Like most people I’m enjoying Heavy Drapes and looking forward to their album as the EP is superb. They were our special guests at our 20th Anniversary / Album Launch.

Reaction, The Zips and Fire Exit always great! My mate Alan Kyle’s band Blacklist are one to watch as they’re barely a year old but have an EP already (Alan was the original guitarist in The Red Eyes).

New bands forming all the time so things seem quite healthy. I don’t get to many gigs now due to working at the studio.

Man and Boy

I know most bands will say their current album is their best/favourite, is this the same for you? What are your favourite tracks from Man and Boy and tell me a bit about the story behind the songs?

Yeah I do think Man & Boy is the best thing we’ve done but I still like the other albums. I’d like to get the first 2 albums mastered properly which would make a huge difference to how they sound. That’s the only disappointing thing about the early albums…the sound!

I like all the songs but probably the title track “Man & Boy”, “Nowhere Boy” and “The Man Who Thinks He’s God” are my favourites.

The title track is about my Dad who unfortunately passed away when I was 18 (he was only 43) so just about how much he has missed out on things particularly in my life. “Nowhere Boy” is really about coming to terms with reaching 50…dunno why…mid life crisis probably lol.

The song “No More Tears For Daddy” at the end of the album probably throws a few people and I think it was a brave move to put it on the album. I’m glad we did as everything has been positive about that particular song. I’ve played it for years in my solo acoustic set and wasn’t sure if it would “fit” on a Red Eyes album. Alex King did a great job with the string arrangement. The song was about British troops who’d died in Afghanistan being paraded in their coffins in the village of Wootton Bassett in Wiltshire so family members and the public could pay their respects. You would see young children there who’d just lost their Fathers and it seems such a waste of life, as all war is. They’ve now stopped the parades, think the last one was 2011.

The Red Eyes in 2018

What is next for The Red Eyes? I know you already have some gigs lined up for 2018 – a Glasgow pre-Damned show in Audio and also a great line up towards the end of the year in Manchester including UK Subs and Loaded 44.

Next Gigs….

Sunday 28th January – Damned pre-show in Audio, Glasgow in the afternoon – Free Entry!

Saturday 24th February – Shugfest 2 at Audio, Glasgow.

Friday 13th April – McChuills – gig for my 50th with support tbc.

Got a gig at the Dreadnought in Bathgate – 2 dayer 28th / 29th September – day we play tbc.

Sunday 2nd December – Star & Garter with UK Subs, Loaded 44 & Benefit State

Man and Boy review
The Red Eyes Man and Boy album cover
Man and Boy cover

The Red Eyes masterpiece. An album packed full of massive tunes and thought-provoking lyrics. Alan Bishop is one of Scotland’s strongest songwriters and the album demonstrates all that is good about the punk/alternative music scene in Scotland.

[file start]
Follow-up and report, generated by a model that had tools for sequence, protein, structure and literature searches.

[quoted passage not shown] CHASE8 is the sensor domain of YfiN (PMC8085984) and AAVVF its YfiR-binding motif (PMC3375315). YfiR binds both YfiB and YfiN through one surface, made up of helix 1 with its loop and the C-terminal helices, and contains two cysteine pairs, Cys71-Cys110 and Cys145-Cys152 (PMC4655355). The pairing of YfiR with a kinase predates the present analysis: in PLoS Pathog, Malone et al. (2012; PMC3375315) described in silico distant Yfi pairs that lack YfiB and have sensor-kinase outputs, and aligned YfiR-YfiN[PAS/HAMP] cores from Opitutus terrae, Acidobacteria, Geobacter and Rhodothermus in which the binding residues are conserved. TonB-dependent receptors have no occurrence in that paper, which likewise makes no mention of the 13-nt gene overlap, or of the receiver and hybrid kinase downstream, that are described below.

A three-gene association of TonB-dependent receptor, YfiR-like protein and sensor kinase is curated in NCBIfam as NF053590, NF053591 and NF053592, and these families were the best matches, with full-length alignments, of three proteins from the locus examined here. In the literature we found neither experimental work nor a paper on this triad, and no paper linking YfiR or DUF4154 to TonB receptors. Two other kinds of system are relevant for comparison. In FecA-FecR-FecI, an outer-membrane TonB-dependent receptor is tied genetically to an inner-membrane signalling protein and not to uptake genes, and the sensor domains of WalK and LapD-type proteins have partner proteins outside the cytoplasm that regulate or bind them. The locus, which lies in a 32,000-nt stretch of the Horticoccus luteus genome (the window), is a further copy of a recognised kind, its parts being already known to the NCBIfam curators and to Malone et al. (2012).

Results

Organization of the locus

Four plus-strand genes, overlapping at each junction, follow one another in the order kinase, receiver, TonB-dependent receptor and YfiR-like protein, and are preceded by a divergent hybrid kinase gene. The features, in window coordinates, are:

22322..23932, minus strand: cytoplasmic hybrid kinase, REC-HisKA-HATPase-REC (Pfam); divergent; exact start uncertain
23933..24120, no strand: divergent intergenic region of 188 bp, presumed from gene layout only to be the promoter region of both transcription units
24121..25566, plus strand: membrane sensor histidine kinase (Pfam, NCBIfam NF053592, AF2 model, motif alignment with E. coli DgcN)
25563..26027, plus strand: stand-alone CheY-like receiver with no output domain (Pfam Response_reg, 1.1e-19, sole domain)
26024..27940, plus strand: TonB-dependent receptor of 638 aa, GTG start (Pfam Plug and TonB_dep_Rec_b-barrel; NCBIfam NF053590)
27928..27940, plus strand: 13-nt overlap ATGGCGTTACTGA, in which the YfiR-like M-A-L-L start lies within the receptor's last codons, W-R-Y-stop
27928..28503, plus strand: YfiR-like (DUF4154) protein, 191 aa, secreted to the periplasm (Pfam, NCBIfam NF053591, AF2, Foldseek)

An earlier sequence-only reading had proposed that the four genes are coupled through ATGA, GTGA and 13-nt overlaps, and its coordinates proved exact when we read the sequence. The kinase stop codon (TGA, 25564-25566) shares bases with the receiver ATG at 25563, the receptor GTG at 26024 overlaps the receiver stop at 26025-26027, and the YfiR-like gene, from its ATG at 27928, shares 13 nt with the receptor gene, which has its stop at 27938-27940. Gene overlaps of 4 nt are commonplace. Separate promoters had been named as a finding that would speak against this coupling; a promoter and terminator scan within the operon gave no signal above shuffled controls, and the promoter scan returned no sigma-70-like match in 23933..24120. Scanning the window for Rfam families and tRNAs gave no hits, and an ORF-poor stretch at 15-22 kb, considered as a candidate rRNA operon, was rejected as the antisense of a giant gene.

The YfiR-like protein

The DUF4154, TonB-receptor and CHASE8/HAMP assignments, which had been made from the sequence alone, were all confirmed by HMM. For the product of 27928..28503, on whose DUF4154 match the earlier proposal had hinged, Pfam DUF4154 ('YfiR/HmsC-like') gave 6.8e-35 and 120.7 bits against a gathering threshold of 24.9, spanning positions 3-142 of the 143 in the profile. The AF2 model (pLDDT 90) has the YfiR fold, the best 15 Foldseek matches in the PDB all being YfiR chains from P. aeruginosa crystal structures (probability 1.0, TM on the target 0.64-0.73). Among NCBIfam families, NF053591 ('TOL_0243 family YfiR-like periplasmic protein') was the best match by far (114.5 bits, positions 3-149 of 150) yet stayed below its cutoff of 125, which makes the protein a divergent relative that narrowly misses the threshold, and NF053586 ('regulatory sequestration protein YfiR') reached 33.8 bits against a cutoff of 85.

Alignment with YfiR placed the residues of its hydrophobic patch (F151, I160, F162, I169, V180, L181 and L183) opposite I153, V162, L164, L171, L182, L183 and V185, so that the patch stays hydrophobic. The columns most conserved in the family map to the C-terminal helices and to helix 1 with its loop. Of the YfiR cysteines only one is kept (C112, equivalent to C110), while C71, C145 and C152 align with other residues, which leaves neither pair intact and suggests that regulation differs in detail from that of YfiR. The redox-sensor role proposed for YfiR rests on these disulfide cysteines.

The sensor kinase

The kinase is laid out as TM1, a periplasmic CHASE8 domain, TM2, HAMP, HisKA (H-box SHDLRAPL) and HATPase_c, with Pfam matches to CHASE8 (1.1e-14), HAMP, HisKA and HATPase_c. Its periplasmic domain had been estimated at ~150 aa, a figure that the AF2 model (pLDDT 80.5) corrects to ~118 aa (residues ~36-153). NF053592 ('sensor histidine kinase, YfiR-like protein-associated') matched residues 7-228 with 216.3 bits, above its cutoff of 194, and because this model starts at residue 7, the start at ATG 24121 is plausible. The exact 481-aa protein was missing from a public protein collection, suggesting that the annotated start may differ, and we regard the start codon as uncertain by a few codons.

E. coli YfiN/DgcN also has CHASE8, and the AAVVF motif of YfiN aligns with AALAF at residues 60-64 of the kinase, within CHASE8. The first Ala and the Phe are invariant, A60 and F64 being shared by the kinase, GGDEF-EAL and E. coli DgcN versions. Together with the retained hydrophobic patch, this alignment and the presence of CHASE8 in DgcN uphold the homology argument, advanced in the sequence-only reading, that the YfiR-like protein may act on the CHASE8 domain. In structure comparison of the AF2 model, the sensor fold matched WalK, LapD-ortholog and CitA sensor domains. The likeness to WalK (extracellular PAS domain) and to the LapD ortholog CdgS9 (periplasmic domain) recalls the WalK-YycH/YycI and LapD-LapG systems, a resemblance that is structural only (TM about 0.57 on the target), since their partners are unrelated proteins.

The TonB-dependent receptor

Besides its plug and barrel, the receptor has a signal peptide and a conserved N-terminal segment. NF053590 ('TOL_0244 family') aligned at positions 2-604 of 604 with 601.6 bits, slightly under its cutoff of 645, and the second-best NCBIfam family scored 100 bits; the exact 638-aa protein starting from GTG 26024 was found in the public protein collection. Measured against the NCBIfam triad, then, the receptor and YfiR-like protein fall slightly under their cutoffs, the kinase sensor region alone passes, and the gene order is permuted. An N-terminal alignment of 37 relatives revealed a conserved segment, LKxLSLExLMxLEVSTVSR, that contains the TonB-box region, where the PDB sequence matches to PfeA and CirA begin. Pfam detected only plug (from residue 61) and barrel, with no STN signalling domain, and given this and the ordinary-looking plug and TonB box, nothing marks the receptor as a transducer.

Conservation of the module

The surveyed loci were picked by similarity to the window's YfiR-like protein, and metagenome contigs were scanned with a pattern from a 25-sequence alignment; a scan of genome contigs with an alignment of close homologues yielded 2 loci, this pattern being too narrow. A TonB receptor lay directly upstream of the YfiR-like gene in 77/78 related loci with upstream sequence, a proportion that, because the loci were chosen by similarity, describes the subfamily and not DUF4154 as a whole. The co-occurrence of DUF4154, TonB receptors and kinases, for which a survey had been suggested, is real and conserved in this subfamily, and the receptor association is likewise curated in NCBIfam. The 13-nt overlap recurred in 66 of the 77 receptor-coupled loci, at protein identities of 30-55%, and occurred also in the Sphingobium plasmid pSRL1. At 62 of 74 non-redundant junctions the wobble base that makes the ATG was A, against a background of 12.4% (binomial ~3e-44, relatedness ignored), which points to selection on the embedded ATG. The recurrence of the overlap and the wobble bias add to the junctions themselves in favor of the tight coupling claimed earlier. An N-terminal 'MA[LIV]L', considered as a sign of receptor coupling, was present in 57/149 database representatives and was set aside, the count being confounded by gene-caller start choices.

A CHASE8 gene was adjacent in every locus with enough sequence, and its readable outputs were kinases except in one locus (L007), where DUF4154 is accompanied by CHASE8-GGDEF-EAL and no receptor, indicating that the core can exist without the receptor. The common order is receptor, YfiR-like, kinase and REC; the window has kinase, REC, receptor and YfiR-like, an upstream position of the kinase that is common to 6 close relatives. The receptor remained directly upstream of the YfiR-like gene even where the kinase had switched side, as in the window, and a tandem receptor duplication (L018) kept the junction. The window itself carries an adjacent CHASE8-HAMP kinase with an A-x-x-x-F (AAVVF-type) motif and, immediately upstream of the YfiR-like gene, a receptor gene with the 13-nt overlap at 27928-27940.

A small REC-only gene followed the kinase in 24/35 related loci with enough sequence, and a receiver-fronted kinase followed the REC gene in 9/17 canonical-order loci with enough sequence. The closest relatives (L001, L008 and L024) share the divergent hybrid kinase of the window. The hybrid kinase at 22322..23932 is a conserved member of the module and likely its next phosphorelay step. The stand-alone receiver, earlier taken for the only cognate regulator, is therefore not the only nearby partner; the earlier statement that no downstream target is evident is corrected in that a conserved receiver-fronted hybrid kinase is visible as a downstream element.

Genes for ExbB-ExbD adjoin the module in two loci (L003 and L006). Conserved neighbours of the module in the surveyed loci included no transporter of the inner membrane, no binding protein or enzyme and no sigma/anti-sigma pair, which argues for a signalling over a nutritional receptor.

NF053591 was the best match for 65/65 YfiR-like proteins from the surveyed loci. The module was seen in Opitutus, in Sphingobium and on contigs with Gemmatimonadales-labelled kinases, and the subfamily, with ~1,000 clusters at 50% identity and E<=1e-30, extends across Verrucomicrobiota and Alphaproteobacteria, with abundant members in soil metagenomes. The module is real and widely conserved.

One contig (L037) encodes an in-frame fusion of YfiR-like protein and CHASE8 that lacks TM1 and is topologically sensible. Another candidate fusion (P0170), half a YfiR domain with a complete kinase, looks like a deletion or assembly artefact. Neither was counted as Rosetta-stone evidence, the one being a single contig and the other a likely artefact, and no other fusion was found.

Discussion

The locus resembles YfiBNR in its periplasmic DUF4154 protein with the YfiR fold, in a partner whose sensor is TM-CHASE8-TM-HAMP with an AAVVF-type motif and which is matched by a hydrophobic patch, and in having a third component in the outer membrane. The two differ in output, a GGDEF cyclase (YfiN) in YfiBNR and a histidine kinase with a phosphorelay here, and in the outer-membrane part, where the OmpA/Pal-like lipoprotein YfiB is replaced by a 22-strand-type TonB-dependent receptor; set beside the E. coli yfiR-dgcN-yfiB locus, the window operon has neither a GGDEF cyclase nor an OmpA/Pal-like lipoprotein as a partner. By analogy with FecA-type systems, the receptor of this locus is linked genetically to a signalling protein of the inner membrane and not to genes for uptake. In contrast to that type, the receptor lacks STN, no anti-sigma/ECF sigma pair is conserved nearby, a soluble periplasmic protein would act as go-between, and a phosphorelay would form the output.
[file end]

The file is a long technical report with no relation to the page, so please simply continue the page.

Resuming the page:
Previous album “From the Outside In” was in itself an incredible work including what was my favourite Red Eyes tune to date, “This is My Life”, with Man and Boy, Alan and co. have surpassed themselves.

The Red Eyes have a classic late 70’s punk guitar sound that is distinctly theirs and has been honed over their 4 albums. This album a splendid assortment of songs relating to relationships and all aspects of the human condition. Including the family dynamics of the aforementioned “Man and Boy” and “No More Tears for Daddy” two of the strongest tracks which bookend the album. Both songs have a similar, but different, theme and are also musically very different.

“Man and Boy” is one of the most personal songs on the album (see Alan’s interview), along with “Nowhere Boy”, with a chorus that is both emotive and musically stirring.

“Face the Truth” touches on father/son relations again, this time mentioning the passing down of behaviours from father to son. The song tackles the age-old problem about religious bigotry, especially linked to football in the West of Scotland, and asks why this is still a problem in the 21st Century as no-one seems to want to tackle it head on.

The album mixes songs with the full on harmonious guitar, bass and drums assault of the eardrums you may associate with late 70’s punk including shades of SLF and the Buzzcocks, with more melancholic numbers bringing acoustic guitars in the mix. “You Fade Away” starts with a delicate acoustic intro which is maintained throughout the song which then builds up layers around the melody creating a strongly touching song. Similarly more human relations are tackled in “Friday Girl” with a melancholic acoustic intro that soon bursts to life

https://theredeyes.bandcamp.com/track/the-man-who-thinks-hes-god

Like many Red Eyes songs of old, there are a heap of songs with great arrangements, lyrics and refrains. “The Man Who Thinks He’s God” is no different and has you singing along to the chorus and the outro nod to Joy Division. Similarly the 2 minute fast paced, in your face “Regrets” starts by paraphrasing “My Way” but changes the age-old line to too MANY to mention and with the chant of all those wasted days, wasted years, wasted nights and wasted tears it is a full pelt statement of remorse for the all that squandered time.

https://theredeyes.bandcamp.com/track/no-more-tears-for-daddy

Tear-jerking album closer “No More Tears for Daddy” complete with keyboard and strings is different from the rest of the album but no less potent for that. In fact, the song is potentially more potent because of the lack of guitars and possibly the most compelling song on the album. Alan’s voice is commanding and filled with anguish. When the song ends with sombre voices singing the refrain which segues into the Last Post, the full weight of the song is cemented.